Don’t Panic

Let me take you back, back to one of my earliest childhood memories; I’m in the compound picking ripe mangoes from the tree by the fence. I’m on my tiptoes reaching up when I hear the gunfire, it’s rapid and loud and I drop back onto my heels to listen some more. Short bursts then a pause, a large explosion followed by my mother’s panicked voice. She’s on the veranda shouting, waving me in but I can’t move, I’m glued to the red dirt beneath by feet. In the end she has to run out to get me; when I get into the house I see that she has already filled half a suitcase with an assortment of clothes, passports and papers. A minute later she throws both  the case and me into the back seat of the Mercedes and we are gone. The front door is still wide open and I watch it swinging gently through the rear window as we speed off towards the highway.

That is my first memory of panic. It’s the first time I can recall that breath-sucking monster, it’s the first time I felt alone and helpless and blinded with fear. They say that smell is the sense most closely linked with memory and I have no doubt that it’s true because whenever I pick up a mango from a market stall or supermarket shelf I can’t help but lift it to my nose and take in it’s cloying odour and suddenly I’m back there in that compound and my head is full of fear.

9 thoughts on “Don’t Panic

  1. Wow, I felt like I was there with you.
    Isn’t it strange how a scent or music can bring a flood of emotions, both good and bad? My PTSD is sometimes triggered by the most random things, it seems, and then I’ll remember the smell. . .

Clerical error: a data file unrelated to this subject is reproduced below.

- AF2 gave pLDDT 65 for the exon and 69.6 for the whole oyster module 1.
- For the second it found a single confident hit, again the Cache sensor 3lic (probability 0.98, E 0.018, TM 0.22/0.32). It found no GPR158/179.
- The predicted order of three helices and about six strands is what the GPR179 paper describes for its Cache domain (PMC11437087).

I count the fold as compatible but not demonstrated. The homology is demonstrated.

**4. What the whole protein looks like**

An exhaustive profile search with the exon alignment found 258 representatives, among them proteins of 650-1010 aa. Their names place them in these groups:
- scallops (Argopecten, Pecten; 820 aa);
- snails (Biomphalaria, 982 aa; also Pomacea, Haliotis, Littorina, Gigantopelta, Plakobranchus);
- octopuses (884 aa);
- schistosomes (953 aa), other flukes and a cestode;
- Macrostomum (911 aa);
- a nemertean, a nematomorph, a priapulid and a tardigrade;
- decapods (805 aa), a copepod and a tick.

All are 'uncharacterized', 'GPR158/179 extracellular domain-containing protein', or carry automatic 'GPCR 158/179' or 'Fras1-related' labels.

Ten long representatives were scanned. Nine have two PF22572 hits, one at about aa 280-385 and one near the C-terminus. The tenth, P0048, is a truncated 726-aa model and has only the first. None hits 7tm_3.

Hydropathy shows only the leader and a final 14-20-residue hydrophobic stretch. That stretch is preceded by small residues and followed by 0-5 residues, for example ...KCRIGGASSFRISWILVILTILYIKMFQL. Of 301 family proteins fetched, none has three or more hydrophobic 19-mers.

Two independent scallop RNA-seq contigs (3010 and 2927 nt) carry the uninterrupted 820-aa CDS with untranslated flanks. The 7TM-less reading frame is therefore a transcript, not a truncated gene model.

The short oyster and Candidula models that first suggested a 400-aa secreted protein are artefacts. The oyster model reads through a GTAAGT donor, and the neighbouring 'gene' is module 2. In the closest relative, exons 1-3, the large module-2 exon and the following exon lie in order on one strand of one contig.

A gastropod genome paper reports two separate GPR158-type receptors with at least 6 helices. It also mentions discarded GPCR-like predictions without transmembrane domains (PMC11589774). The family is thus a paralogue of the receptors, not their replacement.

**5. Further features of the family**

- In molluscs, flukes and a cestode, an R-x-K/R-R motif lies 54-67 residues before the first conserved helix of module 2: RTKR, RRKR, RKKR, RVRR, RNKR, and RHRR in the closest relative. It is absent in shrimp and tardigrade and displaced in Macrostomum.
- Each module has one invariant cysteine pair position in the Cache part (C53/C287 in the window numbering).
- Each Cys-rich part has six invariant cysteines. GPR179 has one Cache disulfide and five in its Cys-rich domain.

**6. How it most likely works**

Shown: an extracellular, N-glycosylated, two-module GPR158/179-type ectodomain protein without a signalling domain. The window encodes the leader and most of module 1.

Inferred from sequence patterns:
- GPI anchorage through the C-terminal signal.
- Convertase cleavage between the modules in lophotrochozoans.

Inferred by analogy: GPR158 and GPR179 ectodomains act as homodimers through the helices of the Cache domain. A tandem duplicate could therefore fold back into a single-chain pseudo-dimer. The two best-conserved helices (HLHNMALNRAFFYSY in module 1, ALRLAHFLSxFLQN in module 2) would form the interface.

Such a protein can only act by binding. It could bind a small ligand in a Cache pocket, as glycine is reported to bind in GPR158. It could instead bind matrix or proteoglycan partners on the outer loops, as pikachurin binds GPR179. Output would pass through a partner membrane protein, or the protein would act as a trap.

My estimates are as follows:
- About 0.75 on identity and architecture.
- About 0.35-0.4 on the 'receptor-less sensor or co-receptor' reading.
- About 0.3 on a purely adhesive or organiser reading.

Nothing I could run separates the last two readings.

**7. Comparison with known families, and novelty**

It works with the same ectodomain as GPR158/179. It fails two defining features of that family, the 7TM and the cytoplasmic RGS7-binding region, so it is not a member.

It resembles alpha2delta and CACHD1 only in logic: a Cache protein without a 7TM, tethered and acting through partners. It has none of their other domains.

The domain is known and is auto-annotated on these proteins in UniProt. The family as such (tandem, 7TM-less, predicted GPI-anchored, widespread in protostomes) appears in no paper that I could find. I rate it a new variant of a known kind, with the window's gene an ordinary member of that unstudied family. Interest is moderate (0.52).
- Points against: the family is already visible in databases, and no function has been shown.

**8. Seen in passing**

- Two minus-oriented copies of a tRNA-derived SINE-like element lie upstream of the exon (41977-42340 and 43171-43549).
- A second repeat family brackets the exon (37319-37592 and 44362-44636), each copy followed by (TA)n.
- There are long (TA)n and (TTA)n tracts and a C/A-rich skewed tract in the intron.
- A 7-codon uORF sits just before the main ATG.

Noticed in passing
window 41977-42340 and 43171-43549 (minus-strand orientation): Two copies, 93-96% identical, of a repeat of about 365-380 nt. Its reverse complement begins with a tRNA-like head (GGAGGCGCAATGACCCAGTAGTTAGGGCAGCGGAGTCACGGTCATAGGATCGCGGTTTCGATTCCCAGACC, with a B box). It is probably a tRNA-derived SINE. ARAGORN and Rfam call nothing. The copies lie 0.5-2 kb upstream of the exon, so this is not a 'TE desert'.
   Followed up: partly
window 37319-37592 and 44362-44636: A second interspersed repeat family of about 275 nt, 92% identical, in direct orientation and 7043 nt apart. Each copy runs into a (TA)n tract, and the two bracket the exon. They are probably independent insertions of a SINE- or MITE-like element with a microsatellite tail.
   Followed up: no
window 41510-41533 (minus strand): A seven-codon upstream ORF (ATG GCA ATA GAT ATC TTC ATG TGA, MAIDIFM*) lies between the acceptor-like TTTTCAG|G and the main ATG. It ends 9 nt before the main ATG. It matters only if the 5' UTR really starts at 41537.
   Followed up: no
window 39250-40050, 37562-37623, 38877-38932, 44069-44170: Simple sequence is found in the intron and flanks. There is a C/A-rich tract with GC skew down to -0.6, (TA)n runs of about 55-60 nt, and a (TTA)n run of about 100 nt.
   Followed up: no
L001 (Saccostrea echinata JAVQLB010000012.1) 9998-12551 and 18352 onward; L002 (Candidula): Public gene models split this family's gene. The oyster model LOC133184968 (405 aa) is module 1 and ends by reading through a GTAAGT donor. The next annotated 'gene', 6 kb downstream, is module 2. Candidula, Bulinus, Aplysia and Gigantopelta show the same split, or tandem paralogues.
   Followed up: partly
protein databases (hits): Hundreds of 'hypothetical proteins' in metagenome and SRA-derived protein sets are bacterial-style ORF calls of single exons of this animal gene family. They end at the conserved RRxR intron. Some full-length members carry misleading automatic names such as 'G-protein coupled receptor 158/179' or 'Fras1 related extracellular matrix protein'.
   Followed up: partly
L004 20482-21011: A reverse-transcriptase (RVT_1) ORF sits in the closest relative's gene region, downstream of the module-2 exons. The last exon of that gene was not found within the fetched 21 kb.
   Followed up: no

Thank you for following my blog! I hope your writing journey helps. Even though mine has turned into a review site (hopefully, I’ll have a new site dedicated to just reviews around the first of the year), I have found the writing of my PTSD, anxiety and suicidal ideations has helped tremendously. I pray your writing will help you, too.

    1. Thank you so much for those thoughtful comments. My journey has only just started but I feel better already. I look forward to following your blog. 🙂

    1. Ok, I was 7 or 8 and we lived in Accra, Ghana. The government had been unstable for some time, everyone was waiting for it to kick off ( well not me, I was too young to understand.)
      Anyway my mother swooped me up and we went to find my father. We got stopped by soldiers at a road block and she had to pay a huge sum of money to get us away. It was frightening but overall I loved living in Africa, had some great memories too 🙂

Leave a Reply

Your email address will not be published. Required fields are marked *